Agencies updated on complex convention

Tuesday April 19, 2016 Written by Published in Environment
Government department and agency personnel attending the CITES workshop in Arorangi pose for a photo. 16041921 Government department and agency personnel attending the CITES workshop in Arorangi pose for a photo. 16041921

Biosecurity Services Cook Islands yesterday hosted a workshop based on the Convention on International Trade in Endangered Wildlife Species (CITES) at the Agriculture office in Arorangi.

Director Biosecurity Service Ngatoko Ta Ngatoko said CITES was a complicated convention that many people needed to understand better.

CITES as an agreement between a large number of nations, signed back in 1973 and brought into force in 1975. It is now one of the oldest conventions in the world regulating trade in wildlife products.

Ngatoko there were around 182 members, but the Cook Islands was not among them.

“This workshop is to help us understand CITES, because at the end of the day we must have knowledge about all these trading systems and protect our people.

“We all play an important part in our workforce and community and for all the agencies present at this workshop, our objective is to also share information on current border activities dealing with the movement of wildlife species, yachts, vessels, aircrafts, cargoes and travelling passengers. It all has to do with the CITES agreement.”.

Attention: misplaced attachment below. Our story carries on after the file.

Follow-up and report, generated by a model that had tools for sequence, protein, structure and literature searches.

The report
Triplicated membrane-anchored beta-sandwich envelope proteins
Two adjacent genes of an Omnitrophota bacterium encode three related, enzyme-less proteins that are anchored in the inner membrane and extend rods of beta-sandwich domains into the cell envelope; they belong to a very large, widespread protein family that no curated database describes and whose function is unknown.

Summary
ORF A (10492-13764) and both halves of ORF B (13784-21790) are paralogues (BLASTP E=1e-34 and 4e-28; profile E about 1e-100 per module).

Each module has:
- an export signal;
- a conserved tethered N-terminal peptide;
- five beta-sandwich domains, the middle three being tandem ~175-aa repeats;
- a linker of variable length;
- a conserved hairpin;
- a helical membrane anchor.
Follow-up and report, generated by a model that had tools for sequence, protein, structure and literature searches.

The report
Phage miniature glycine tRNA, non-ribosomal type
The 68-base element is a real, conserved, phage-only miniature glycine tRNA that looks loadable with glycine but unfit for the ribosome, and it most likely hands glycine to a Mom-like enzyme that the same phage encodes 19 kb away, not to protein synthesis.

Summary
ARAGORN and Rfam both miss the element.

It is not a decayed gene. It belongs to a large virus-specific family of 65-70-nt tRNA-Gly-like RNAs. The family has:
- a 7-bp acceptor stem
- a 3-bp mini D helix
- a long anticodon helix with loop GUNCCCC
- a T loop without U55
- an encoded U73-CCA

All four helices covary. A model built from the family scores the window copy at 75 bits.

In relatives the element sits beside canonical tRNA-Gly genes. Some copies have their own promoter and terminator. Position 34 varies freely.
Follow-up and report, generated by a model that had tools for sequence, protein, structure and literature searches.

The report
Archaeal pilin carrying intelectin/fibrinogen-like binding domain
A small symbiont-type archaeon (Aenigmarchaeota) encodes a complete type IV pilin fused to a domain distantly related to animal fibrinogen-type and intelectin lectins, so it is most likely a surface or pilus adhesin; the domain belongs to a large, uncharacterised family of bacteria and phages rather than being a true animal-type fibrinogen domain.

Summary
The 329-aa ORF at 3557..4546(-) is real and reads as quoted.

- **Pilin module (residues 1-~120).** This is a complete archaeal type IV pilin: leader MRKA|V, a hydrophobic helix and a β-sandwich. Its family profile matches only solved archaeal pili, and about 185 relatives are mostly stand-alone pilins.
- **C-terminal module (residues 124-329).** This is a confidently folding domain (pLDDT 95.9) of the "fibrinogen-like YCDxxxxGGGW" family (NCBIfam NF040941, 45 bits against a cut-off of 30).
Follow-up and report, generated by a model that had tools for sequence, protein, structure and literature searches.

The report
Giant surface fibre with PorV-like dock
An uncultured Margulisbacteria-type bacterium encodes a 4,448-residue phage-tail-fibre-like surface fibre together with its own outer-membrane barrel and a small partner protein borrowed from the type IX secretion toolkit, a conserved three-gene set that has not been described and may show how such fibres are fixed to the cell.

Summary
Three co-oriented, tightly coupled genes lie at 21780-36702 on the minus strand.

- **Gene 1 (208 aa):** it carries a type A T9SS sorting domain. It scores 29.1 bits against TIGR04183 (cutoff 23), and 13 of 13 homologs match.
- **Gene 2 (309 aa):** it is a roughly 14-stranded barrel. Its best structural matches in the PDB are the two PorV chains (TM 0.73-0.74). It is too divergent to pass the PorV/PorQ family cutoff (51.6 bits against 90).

National Environment Services (NES) officer Elizabeth Munro said though the Cook Islands was not a member, the country was obligated to meet the requirement of CITES member countries such as Australia and New Zealand.

“So for us to take any species listed in the CITES list from the Cook Islands to any CITES member country, we have to meet the requirements of the agreement because it involves trade and a movement of species,” Munro said.

She said the Pacific region there are about five member countries and if the convention’s requirements were not met by those countries, they would be added to a blacklist and a notification will be sent to other countries not to accept any imports from them.

Ministry of Marine Resources (MMR) Secretary Ben Ponia said there were a number of “issues” surrounding CITES.

“Bear in mind CITES is a bit of a political party and we are not a member of this convention and neither is China.

“CITES is an early convention that was set up many years ago when the UN membership was somewhat politicised on this issue.”

He said workshops such as yesterday’s event were important, but it needed to be understood that regulation and management plans took time to fall into in place.

“But sharing of information is always effective.”


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